Accepted for Publication: December 21, 2021.
Published: February 10, 2022. doi:10.1001/jamanetworkopen.2021.47920
Open Access: This is an open access article distributed under the terms of the CC-BY License. © 2022 Lo CH et al. JAMA Network Open.
Corresponding Author: Andrew T. Chan, MD, MPH, Massachusetts General Hospital, 100 Cambridge St, 15th Floor, Boston, MA 02114 (firstname.lastname@example.org).
Author Contributions: Dr Lo had full access to all of the data in the study and takes responsibility for the integrity of the data and the accuracy of the data analysis.
Concept and design: Lo, Chiu, Qian, Duval, Chan.
Acquisition, analysis, or interpretation of data: All authors.
Drafting of the manuscript: All authors.
Critical revision of the manuscript for important intellectual content: Lo, Chiu, Qian, Alhassan, Duval, Chan.
Statistical analysis: Lo, Alhassan, Chan.
Obtained funding: Chan.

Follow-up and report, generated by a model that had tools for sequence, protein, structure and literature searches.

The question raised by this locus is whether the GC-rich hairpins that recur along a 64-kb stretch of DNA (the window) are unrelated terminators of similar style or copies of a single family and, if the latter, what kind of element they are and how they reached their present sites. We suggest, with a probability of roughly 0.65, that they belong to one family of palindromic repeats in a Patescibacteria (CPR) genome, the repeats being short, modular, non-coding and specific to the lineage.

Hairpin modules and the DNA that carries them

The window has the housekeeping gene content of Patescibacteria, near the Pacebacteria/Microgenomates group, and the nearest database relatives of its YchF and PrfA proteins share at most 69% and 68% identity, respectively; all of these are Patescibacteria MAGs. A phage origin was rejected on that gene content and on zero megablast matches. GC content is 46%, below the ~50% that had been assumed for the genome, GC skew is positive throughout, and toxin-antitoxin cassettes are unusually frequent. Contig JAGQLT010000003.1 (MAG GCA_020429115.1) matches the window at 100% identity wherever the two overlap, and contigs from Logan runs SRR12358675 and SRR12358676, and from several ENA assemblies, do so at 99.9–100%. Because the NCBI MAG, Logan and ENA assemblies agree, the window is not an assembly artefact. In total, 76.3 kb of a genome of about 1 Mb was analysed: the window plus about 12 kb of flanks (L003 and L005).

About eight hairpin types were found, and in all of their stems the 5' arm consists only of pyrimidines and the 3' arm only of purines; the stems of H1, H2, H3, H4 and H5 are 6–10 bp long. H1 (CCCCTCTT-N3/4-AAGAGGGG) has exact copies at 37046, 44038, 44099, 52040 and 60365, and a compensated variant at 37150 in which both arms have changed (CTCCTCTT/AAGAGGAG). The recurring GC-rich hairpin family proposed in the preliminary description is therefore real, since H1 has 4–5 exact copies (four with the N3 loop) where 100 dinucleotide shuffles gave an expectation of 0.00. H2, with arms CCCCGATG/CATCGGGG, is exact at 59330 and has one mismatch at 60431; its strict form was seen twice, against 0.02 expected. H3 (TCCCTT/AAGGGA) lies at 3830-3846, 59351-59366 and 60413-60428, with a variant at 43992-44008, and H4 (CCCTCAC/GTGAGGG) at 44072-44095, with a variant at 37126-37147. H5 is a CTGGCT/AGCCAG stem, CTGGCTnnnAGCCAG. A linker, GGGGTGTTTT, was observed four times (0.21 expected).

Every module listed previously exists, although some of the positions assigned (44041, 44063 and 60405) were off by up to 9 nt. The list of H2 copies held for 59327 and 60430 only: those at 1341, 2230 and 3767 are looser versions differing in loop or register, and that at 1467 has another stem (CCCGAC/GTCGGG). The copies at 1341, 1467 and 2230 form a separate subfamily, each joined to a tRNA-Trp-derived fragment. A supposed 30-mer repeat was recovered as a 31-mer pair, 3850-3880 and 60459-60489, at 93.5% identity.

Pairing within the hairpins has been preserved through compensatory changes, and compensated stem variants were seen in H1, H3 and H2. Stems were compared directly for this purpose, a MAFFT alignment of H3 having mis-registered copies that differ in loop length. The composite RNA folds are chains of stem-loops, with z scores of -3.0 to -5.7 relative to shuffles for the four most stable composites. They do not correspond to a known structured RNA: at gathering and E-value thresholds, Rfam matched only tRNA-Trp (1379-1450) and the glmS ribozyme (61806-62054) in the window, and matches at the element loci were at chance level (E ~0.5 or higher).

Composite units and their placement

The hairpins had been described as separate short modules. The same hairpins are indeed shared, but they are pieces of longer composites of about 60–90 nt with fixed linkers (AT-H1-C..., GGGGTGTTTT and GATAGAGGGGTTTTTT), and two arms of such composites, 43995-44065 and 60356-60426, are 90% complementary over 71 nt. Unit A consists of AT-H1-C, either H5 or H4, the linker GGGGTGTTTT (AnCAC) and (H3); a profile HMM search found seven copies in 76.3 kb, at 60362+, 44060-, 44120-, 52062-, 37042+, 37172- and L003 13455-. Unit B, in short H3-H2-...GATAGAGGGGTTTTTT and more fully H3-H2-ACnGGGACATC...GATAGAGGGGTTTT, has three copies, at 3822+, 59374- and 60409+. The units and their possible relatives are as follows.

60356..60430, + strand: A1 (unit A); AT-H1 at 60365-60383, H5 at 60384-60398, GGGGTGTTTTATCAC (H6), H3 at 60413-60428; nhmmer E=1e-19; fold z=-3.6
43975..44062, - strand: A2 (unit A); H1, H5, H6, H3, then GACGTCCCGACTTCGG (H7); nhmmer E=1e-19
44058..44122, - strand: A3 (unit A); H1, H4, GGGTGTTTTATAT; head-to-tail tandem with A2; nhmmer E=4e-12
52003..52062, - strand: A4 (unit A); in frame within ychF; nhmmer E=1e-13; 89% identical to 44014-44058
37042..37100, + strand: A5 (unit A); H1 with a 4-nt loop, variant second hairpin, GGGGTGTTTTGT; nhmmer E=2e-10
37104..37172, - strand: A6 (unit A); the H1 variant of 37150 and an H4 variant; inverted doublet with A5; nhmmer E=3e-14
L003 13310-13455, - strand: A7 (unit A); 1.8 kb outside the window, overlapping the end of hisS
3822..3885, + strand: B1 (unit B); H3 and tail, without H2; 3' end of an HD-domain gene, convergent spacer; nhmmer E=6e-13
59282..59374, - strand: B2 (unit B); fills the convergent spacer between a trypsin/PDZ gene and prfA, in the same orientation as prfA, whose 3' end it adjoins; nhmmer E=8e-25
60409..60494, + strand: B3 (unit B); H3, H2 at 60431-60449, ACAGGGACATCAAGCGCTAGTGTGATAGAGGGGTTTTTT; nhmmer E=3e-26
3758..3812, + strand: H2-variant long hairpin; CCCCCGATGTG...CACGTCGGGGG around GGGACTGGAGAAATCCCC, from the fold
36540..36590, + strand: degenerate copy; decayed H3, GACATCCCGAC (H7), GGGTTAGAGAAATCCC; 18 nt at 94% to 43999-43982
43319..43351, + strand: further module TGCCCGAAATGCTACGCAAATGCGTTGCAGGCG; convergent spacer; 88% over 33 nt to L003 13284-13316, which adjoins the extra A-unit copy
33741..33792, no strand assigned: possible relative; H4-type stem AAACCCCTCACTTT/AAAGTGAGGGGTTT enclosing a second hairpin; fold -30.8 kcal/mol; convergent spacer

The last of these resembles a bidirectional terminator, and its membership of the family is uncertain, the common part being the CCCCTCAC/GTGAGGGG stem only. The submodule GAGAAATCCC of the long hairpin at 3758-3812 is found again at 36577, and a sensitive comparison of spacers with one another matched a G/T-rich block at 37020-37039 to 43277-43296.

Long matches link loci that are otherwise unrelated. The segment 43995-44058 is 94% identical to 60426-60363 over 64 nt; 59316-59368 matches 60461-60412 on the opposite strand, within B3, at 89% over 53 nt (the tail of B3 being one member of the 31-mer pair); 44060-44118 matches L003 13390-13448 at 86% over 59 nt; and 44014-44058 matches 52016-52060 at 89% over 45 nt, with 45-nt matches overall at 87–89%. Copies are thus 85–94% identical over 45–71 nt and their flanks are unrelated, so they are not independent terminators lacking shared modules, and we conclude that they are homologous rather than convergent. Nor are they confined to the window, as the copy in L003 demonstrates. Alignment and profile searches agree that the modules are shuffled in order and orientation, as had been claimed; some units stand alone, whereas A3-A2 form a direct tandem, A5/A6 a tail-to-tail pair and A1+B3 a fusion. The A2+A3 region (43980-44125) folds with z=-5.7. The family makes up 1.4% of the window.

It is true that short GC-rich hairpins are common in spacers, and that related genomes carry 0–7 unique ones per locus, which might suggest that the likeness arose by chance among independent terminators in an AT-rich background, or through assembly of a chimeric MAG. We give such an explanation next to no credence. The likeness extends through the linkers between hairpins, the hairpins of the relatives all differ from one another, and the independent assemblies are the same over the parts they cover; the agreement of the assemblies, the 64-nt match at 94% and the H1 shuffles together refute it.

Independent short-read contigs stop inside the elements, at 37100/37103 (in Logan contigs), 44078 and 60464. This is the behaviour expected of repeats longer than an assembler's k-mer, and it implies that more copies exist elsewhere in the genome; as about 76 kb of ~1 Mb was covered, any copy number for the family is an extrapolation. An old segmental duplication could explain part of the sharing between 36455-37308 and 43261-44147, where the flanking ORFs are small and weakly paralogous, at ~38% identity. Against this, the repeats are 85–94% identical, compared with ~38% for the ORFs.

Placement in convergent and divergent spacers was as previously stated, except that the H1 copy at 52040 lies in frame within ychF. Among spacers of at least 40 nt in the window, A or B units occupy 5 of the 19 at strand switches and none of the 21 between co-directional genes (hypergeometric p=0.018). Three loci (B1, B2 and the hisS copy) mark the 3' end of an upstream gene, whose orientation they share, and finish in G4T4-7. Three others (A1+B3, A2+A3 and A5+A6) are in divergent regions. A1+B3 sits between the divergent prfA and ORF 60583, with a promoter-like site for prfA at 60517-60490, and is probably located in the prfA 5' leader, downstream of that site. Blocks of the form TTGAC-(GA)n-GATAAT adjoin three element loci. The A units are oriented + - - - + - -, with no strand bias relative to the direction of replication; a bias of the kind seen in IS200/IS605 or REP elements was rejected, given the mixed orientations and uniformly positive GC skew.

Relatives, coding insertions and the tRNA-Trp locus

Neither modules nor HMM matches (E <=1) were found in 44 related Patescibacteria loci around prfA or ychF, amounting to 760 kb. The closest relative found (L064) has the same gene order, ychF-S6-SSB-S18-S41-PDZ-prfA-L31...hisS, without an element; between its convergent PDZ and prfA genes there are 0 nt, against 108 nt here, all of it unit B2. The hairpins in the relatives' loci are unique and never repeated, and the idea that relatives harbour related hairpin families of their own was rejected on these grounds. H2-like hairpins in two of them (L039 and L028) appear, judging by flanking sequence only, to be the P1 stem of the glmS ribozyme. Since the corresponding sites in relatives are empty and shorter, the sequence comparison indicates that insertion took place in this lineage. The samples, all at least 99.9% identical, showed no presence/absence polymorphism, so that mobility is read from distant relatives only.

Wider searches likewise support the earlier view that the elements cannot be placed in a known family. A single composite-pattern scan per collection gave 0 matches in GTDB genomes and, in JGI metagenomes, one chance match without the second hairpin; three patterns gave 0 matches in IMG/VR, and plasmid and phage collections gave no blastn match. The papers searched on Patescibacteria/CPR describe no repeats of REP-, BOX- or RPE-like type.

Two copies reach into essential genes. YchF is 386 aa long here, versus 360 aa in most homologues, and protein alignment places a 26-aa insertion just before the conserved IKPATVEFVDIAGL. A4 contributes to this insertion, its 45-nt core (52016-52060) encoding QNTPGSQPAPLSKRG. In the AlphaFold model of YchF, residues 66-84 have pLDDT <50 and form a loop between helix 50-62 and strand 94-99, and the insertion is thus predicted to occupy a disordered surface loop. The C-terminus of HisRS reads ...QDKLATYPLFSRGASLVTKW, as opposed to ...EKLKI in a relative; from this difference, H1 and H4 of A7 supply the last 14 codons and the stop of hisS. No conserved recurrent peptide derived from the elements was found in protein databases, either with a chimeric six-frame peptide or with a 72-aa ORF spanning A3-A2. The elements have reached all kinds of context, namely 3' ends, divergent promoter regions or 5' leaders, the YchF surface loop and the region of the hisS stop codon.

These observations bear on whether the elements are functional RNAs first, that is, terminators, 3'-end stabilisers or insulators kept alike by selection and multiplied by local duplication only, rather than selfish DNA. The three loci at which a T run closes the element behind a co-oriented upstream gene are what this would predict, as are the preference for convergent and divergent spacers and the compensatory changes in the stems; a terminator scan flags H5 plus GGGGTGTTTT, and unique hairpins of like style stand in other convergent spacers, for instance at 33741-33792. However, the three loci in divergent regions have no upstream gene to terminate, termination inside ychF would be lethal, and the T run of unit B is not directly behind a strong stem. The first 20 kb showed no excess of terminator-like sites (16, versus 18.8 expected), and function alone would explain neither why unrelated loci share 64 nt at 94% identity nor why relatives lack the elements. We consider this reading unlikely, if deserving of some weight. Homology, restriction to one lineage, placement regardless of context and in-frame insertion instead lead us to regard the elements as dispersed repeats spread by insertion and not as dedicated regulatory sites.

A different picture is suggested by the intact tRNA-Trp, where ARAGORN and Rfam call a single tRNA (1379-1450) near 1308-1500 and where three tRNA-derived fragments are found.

Administrative, technical, or material support: Lo, Chiu, Qian, Khan, Duval, Chan.
Supervision: Duval, Chan.
Conflict of Interest Disclosures: Dr Chan reported receiving grants from Pfizer Inc and Zoe, Ltd, and personal fees from Pfizer Inc, Bayer Pharma AG, and Boehringer Ingelheim outside the submitted work. No other disclosures were reported.
Funding/Support: This study was supported in part by grants from the Massachusetts Consortium on Pathogen Readiness and the Mark and Lisa Schwartz Foundation.
Role of the Funder/Sponsor: The funders had no role in the design and conduct of the study; collection, management, analysis, and interpretation of the data; preparation, review, or approval of the manuscript; and decision to submit the manuscript for publication.
Disclaimer: The content is solely the responsibility of the authors and does not necessarily represent the official views of the funders.
Additional Contributions: We thank Hang Lee, PhD, and Douglas Hayden, PhD (members of the Harvard Catalyst Biostatistical Consulting Program), for their statistical assistance. These contributors were not compensated for their assistance.